Thursday, February 1, 2018



A little known accessory for Leica screw mount cameras is the VACU.  It was made in a variety of versions.  It offered the use of flash equipment with Leica cameras up to the Leica IIIc.  Its replacement, the Leica IIIf was the first model with built-in flash synch.

Leitz made several versions, all with their own catalog designation. Ranging from CAVOO-A to CAVOO-F.
The CAVOO-A was to be used with the Leica III, the CAVOO-B was for the Leica IIIa and IIIb and several versions for the "C" model Leicas, from CAVOO-C to CAVOO-F.

The unit consisted of a small trigger device that screwed onto the shutter release of the camera.  It worked in conjunction with a small cam that attached to the shutter release dial.  When releasing the shutter, the rotating shutter speed dial would activate a small switch via the cam to fire the flash.  This in turn was connected to the VACU via a short cord with a PC fitting.

Leitz Vacu

The cam attachment came in four different versions depending what model Leica it was for.  A word of caution; I have seen versions of the VACU offered for sale from time to time, but in each case the cam was missing, therefore rendering the unit incomplete and useless.

Cam attached to shutter speed dial

Trigger Switch

The position of the cam on the shutter speed dial is critical because it determines the position of the shutter curtains at the moment the flash is triggered.  Rotating it back or forth will allow for exact positioning.

That, of course, requires a means to see if the flash is fired at the correct moment.  To test if your camera synchs properly with a flash is no problem as long as you can open the camera back.  Looking at the frame opening of the camera while firing the flash at a bright surface, will quickly reveal if the entire frame is exposed correctly.  But what to do with cameras that don’t have an opening back like all of the Leica screw mount cameras?

There is a very simple, non-invasive way to do so.  All one needs is a piece of so-called glow-in-the-dark-tape.  This should be noticeably larger than the frame opening of the camera.  Inserting it into the camera in place of the film is all that’s necessary.  With the lens removed, connect the flash to the camera, set the required synch speed and set off the flash, preferably firing right into the camera and then remove the tape.  In a not too bright area, the tape will glow with the outline of the exposed area.  This will quickly reveal if the entire frame is illuminated or if the shutter is covering part of the negative area while the flash is firing.  This test will work with all types of flash equipment.  .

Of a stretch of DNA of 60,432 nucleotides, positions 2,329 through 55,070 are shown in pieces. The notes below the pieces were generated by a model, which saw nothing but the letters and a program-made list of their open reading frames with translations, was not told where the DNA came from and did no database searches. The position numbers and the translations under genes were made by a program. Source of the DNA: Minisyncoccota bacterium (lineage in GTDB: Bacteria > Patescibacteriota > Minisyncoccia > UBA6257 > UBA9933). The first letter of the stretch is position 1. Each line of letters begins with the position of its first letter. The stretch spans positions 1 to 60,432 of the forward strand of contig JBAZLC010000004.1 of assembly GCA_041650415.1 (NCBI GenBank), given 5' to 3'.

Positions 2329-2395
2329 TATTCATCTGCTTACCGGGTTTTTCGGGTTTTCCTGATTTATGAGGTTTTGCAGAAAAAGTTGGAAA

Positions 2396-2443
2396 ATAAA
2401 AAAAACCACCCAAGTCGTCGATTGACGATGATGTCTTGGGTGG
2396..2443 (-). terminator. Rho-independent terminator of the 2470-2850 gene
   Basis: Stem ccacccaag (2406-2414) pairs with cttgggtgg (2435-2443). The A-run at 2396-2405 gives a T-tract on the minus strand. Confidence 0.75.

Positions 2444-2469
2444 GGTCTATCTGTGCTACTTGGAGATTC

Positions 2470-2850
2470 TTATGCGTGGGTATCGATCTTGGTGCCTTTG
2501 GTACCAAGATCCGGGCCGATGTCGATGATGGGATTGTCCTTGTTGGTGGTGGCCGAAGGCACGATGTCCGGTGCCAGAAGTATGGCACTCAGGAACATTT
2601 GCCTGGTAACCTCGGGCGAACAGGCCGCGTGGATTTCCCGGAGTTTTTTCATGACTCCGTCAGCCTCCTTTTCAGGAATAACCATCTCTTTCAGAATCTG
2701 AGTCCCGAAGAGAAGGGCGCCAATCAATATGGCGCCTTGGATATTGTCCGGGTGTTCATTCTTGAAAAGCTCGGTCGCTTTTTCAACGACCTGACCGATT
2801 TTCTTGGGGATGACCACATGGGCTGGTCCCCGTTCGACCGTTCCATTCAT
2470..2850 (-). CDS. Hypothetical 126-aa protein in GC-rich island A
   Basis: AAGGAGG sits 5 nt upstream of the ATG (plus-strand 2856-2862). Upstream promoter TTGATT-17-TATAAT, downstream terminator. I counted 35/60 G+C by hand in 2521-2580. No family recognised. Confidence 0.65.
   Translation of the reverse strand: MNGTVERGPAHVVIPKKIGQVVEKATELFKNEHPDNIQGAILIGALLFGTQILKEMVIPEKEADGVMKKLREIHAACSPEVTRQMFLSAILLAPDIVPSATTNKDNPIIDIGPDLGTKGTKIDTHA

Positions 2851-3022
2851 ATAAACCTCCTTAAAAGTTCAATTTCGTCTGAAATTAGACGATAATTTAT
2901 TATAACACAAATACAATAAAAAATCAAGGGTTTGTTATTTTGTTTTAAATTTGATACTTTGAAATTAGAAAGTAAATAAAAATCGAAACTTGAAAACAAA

VACU on Leica III  Front View

VACU on Leica III  Rear View

The first Leica I ever owned, a Leica III, was equipped with a VACU.  I still consider it one of my prized possessions and I fondly remember leaning to take pictures with this camera, including flash pictures.  It is a great camera to learn with because everything is manual.  It created useful habits that I still practice today.  For instance, after getting many severely blurred pictures, in spite of careful focusing, I learned that it is advisable to pull out the collapsible Summar f/2 before shooting.

Leica III with VACU

But that is ultimately a different story.  I don’t use the Leica III very often anymore in these days of digital photography.  But it does take up a prominent spot in my Leica collection, together with the VACU attachment in place on the camera.

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